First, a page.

Social Explorer is a group of New York demographers who have taken year 2000 US census data and made it into interactive maps. And they've done a fantastically thorough job. You can zoom all the way from the national level to your own neighborhood (even the street you live on), and see all sorts of different data, from income to industry to gender to ethnicity to means of commuting to family structure. Want a map showing percent of foreign-born nationals who immigrated in the last five years? It's there. Want a map showing percentage of self-employed males? It's there. Percentage of housing where rent is between $600 - $800 per month, or where heat is provided by solar power? It's there. Populations of Estonian ancestry? It's there.
They even have a few animated maps showing population changes from 1910 to 2000, and they claim to have data going back to 1870. It seems you can only browse Y2K data, but you can create slideshows to morph from one map to another, showing correlations between different data (e.g. median income and high-school dropout rates).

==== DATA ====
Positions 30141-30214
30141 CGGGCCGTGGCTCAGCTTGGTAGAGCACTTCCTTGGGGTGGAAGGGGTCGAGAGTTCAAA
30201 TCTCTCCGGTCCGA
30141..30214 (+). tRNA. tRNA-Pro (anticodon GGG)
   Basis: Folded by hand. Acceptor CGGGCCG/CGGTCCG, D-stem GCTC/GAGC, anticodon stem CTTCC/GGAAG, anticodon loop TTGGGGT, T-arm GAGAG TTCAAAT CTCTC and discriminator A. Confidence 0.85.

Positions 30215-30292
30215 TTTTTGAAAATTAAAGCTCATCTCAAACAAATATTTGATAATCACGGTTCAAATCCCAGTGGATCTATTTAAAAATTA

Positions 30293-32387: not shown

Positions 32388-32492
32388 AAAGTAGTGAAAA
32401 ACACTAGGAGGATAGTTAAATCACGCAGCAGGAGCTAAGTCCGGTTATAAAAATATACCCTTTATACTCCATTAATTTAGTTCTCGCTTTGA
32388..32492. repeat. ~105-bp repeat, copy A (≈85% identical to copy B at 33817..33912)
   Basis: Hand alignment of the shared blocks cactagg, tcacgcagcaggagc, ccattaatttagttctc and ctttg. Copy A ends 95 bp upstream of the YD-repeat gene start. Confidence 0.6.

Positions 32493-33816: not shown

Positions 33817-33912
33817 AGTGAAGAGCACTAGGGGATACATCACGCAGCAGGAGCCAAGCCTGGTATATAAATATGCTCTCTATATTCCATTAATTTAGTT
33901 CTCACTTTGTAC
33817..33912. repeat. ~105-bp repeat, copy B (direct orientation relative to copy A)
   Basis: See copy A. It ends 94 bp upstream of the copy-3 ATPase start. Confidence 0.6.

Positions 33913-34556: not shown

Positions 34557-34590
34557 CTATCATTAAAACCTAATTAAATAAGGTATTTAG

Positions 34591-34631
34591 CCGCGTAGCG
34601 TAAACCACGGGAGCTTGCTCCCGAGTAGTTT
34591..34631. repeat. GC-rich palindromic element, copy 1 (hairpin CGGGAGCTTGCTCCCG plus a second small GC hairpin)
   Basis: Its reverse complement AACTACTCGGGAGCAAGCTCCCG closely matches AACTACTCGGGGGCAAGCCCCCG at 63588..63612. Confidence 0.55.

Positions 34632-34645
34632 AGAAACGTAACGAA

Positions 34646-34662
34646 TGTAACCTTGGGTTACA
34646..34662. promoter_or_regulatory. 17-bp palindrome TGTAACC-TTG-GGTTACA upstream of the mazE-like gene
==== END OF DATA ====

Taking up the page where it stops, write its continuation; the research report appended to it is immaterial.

There are a few problems here and there (individual pages don't have their own URL's, so you can't email someone a map; animations can be spotty; and their downloads page promises that a standalone version can be downloaded as of last week), but those are minor foibles in an amazing tool. You could spend hours, if not days, poking around in there. It has an enormous wealth of information.
This is one of the coolest things I've seen. You weren't kidding when you said it gets right down to street level. Thanks for the link!!
To Jeremy (and Kaisa):
We appreciate the kind words. Social Explorer is at an early Beta Stage. Its development was inspired by the work that Susan Weber and I have done with the New York Times. Ahmed Lacevic is mainly responsible for programming the software and with Rasko Ritcic developed the map design. We are using GeoMicro's components along with some other stuff. It was funded by NSF through both the Course Curriculum and Laboratory Improvement Program and through the National Science Digital Library.
Over the next few months we plan to add data from earlier censuses and eventually will distribute the stand alone version.
Any comments should be directed to me or to Ahmed Lacevic at firstname.lastname@example.org